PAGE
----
CRE teams have progressed faster than expected on the journey toward cross-functional integration, reveals Jones Lang LaSalle’s Global Corporate Real Estate Survey 2013 (to be released next month).
Sponsored by Jones Lang LaSalle last year, CoreNet Global’s CRE 2020 project revived the notion of collaboration between CRE, HR, IT and finance. Moving irreversibly over the next decade toward the formation of a super-nucleus, it appears that merged corporate functions would serve corporations’ new operational requirements in a seamless way. The report stated that “a new storm will blow through the CRE world, bringing an entirely new operational setting for the function”.
While the storm might not have materialized, a strong wind of change has definitively blown and begun to transform cross-functional collaboration from ad hoc intersections to permanent associations. This happened out of necessity. In many cases, the trigger has been productivity-driven workplace change projects, which requires operational enablement and synchronization to support the shift from premises to employees, from input to outcomes.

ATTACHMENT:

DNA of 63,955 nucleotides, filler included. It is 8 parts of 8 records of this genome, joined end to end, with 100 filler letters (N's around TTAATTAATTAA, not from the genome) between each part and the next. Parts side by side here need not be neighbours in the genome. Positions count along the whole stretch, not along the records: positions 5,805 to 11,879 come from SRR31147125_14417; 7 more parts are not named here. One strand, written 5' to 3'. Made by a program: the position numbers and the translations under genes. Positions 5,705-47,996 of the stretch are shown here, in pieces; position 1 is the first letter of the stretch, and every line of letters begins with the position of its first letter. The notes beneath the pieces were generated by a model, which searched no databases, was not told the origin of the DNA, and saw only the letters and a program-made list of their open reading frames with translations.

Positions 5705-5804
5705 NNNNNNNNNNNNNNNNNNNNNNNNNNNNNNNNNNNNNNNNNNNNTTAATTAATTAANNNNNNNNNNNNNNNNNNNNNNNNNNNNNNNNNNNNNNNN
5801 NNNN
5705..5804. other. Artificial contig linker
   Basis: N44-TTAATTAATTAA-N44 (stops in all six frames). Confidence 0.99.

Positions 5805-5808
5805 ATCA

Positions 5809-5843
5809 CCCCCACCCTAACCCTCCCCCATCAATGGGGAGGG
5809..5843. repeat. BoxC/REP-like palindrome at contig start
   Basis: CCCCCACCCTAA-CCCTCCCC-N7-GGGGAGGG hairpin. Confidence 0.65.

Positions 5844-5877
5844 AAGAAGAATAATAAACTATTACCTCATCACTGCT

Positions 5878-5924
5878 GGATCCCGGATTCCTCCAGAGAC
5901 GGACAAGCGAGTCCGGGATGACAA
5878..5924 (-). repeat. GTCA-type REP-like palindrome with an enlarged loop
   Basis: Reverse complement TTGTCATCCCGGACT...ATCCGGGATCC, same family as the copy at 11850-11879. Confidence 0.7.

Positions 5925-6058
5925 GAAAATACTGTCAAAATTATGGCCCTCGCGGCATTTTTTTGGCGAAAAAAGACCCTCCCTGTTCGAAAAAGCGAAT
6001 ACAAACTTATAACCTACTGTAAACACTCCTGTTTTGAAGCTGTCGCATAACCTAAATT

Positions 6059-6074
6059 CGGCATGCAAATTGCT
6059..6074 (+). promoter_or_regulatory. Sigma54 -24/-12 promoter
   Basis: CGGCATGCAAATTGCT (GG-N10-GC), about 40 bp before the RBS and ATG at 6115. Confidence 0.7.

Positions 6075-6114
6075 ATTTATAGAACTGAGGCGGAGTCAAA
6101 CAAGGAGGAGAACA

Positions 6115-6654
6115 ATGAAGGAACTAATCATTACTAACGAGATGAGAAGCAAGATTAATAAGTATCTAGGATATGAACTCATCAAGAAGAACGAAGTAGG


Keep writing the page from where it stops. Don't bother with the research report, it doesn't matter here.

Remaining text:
Tight collaboration takes many shapes, from standard shared-services structures to new organizational models such as hubs. In organizations where this has not taken place yet, a cultural shift is needed to move teams away from narrow transactional roles. In most cases, CRE’s existing track record of ad hoc teamwork will help reposition CRE teams as collaborative change agents across the entire business.
Using the workplace as the commonality for continuing collaboration with other functions offers a rare leadership opportunity. If not seized, it also represents a risk for the CRE function to lose its influence and standing.